Beef Bone Broth
Prep Time: 1 hour / Cooking Time: 24-72 hours
- 4 pounds beef bones preferably a mix of knuckle and marrow bones
- 1/4 - 1/2 cup fresh lemon juice or apple cider vinegar
- 4 quarts of clean cold water as in no chemicals or treatment agents
- 4 carrots chopped
- 4 celery stalks chopped
- 2 medium onions peel on, sliced in half lengthwise and quartered
- 4 garlic cloves peel on and smashed
- 1 tsp whole peppercorns
- 3-4 bay leaves
- 6-8 sprigs fresh thyme or 1 tbsp dry thyme
- Generous handful of fresh parsley
- Sea salt to taste
Turn the oven on to 450° F. Place the bones on a baking sheet or in a large roaster. Roast the bones until they are dark brown to the point of being almost over-cooked.
Place the roasted bones, water and lemon juice or vinegar in a large pot or over-sized slow-cooker. The volume of this recipe is around 24 cups or so, or around 6 quarts. Keep this in mind as you plan to make this. (I use a portable electric oven for my larger batches.) Let stand for one hour to begin leeching the minerals from the bones.
After an hour, add the carrots, celery, onion, garlic, bay leaves and thyme. Make sure the water covers everything well. Bring to a boil, then reduce to a low simmer and cover with a lid. Occasionally skim off the dark scum that comes to the top. You want to simmer this for 24-72 hours, depending on what you’re cooking it in and how much control you have over the temperature. The longer the better. You also want to make sure the liquid level covers the bones for the duration of cooking, adding more if necessary.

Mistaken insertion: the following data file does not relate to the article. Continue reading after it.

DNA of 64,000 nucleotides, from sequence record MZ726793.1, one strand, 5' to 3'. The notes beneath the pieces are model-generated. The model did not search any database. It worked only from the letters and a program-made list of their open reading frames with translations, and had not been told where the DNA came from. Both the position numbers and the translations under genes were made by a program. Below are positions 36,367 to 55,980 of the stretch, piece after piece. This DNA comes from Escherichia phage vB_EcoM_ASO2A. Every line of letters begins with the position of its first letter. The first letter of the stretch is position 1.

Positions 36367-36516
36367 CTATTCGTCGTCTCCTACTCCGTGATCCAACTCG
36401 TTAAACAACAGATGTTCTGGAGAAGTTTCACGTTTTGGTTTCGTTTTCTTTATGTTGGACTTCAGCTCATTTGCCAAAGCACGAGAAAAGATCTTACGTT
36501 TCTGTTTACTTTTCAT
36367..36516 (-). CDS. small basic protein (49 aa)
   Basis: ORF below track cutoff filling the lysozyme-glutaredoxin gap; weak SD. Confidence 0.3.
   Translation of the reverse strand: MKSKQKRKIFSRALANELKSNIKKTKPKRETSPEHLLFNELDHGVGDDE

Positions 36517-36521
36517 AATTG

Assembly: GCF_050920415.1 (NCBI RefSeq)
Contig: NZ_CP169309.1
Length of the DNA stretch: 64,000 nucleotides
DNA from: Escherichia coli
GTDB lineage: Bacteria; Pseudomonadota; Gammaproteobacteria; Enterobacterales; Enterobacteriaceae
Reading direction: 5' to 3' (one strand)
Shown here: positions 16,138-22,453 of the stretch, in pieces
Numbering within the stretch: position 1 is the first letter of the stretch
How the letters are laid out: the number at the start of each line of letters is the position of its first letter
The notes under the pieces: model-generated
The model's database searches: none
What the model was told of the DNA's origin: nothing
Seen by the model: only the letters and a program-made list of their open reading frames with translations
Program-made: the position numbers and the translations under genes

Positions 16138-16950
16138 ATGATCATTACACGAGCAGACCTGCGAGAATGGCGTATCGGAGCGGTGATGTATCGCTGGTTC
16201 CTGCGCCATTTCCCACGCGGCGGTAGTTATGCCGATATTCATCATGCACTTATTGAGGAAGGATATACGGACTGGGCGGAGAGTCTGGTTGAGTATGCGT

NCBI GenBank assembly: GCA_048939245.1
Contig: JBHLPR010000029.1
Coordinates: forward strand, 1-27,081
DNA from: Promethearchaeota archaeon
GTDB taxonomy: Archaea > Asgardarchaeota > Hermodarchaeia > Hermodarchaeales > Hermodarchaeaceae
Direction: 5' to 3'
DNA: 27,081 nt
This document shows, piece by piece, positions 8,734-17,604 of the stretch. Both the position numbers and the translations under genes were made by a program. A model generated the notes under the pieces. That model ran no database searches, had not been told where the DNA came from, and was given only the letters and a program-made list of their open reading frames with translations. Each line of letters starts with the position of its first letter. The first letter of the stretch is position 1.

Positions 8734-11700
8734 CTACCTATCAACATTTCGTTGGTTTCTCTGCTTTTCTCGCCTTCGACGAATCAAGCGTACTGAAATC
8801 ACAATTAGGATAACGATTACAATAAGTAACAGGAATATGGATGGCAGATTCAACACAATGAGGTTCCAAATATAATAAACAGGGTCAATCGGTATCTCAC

About an hour or so before its finished add in some parsley to add more nutrients and flavour. You can then season to taste with sea salt.
When you feel it is ready, turn off the heat and allow it to cool slightly. Remove the bones and other solids. Strain your broth through a sieve or colander lined with some cheesecloth. Cool to room temperature, preferably in a cold water bath. Cover and chill.
Use within a week or freeze up to 3 months. You can also preserve this for long-term storage by canning it in Mason jars as long as you use a pressure canner. This is the only truly food-safe way to can meat products.